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Major League Baseball Commissioner Bud Selig has instituted random HGH testing in the minor leagues.
Random testing for HGH has arrived.
Major League Baseball implemented random blood testing for human growth hormone in the minor leagues Thursday, the first professional sports league in the United States to take the aggressive step against doping, The Asociated Press reported.
The blood testing becomes part of the Minor League Drug Prevention and Treatment Program, which MLB commissioner Bud Selig introduced in 2001 to test for performance-enhancing drugs.
"HGH testing provides an example for all of our drug policies in the future," Selig said in a statement.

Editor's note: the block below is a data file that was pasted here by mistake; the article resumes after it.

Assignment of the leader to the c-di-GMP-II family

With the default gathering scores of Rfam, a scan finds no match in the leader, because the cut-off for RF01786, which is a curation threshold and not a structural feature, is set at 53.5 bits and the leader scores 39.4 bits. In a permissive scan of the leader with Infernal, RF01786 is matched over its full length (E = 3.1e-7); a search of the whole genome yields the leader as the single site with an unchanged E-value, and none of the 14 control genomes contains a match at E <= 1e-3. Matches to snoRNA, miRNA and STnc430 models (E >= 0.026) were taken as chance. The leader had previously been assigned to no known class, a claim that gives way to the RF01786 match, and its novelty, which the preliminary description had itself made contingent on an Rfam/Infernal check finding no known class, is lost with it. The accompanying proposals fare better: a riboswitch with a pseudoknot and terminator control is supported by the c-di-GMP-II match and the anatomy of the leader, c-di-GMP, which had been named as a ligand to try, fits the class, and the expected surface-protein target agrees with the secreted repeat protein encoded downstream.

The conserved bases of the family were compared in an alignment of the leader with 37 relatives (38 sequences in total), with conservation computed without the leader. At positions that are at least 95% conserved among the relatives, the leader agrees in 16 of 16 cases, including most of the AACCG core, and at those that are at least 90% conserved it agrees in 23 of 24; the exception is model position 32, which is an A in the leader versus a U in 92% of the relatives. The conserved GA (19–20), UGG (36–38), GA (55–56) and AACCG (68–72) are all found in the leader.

Testing will be limited to minor league players because they are not members of the players' association, which means that blood testing is not subject to collective bargaining.
Blood samples will be collected after games by the National Center for Drug Free Sport, which already collects urine samples in the minor leagues. The blood samples will be taken from the non-dominant arm of players who are not members of a major league team's 40-man roster, and sent to a testing laboratory in Salt Lake City for analysis.
"The combination of widespread availability and the lack of detection have led to reports of use of this drug amongst athletes," said Dr. Gary Green, the medical director for MLB. "This is the first generation of HGH testing and Major League Baseball will continue to fund the Partnership for Clean Competition for ongoing research to refine testing procedures in this area."